Sunday

Meanwhile, domesticity.

I’m weeding the garden after dinner when my youngest comes out of the house with the car keys in one hand and her driver’s permit in the other. I’m leaving, she says, smiling at me. Why don’t I come, too, I offer, since that would make her driving legal.

She drives around the nearly empty town, and then up to the high school where she practices the turn known as the K turn in every state — except Vermont, which calls it the Vermont turn. Saturday night, and no one is out. The streets are empty.

She wants to drive to San Diego. We’re both laughing, nearly giddy in that parking lot, me wearing my knitted hat as it’s darn cold for June, and she’s teasing me about that, too.

On this Father’s Day morning, I woke thinking about when I learned to drive, all those hours of driving with my father, on roads all around New Hampshire, those uncountable hours and effort and care that go into parenting.

My older daughter, infuriated, asked me the other day, What is the point of all this, any way? — That same, aching existential, human question. I’m not offering my daughter any answers; those are hers to seek and glean. Thirty years older than her, I’m still wrestling with that question.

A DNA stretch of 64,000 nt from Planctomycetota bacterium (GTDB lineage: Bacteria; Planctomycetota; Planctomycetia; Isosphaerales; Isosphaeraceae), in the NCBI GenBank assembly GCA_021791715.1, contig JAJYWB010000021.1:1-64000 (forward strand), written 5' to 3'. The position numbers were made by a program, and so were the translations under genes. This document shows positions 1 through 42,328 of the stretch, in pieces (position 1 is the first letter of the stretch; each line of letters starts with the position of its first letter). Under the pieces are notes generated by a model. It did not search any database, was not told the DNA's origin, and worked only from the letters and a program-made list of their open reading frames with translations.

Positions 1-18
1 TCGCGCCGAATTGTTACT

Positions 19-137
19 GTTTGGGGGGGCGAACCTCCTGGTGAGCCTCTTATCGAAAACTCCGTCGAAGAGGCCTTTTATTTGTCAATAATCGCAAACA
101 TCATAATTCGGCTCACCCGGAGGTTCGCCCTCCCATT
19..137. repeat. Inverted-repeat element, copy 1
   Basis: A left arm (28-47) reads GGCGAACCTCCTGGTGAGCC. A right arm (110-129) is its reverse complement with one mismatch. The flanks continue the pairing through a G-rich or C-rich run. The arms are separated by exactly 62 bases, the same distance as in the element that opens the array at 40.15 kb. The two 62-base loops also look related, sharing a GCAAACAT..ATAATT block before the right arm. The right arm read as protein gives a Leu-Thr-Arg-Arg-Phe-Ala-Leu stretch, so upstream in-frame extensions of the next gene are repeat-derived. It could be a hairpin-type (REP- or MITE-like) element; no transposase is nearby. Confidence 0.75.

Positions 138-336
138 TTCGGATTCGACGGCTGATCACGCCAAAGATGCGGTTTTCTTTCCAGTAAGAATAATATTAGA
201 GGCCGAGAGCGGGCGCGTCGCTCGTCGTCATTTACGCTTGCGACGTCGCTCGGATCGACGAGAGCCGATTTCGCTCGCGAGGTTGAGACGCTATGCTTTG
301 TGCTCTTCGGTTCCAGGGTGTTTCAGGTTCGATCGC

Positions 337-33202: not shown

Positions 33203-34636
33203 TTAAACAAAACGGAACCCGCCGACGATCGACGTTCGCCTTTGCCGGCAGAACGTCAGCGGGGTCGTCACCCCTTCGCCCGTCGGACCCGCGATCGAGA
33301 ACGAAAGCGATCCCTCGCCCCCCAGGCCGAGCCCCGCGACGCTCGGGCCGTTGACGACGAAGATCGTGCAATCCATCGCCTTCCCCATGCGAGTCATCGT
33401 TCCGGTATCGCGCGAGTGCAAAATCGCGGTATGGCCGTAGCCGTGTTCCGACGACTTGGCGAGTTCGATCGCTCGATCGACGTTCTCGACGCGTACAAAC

In the meantime, while I’m now in the passenger seat, I’m keeping a wary eye, offering a steady stream of advice about jaywalkers, kids on bikes, pickup trucks who run stop signs, don’t speed, keep your hands on the wheel, use your turn signals, assume other drivers are impaired — be careful!

She looks at me from the edges of her eyes, loving the driver’s seat. Just loving it. I got this, she assures me.

Silently, I’m praying she’ll someday teach her own daughter or son to drive. Despite my own terror at switching seats, there’s nowhere else I’d rather be, just as all those years ago, I wouldn’t have traded those conversations with my father.

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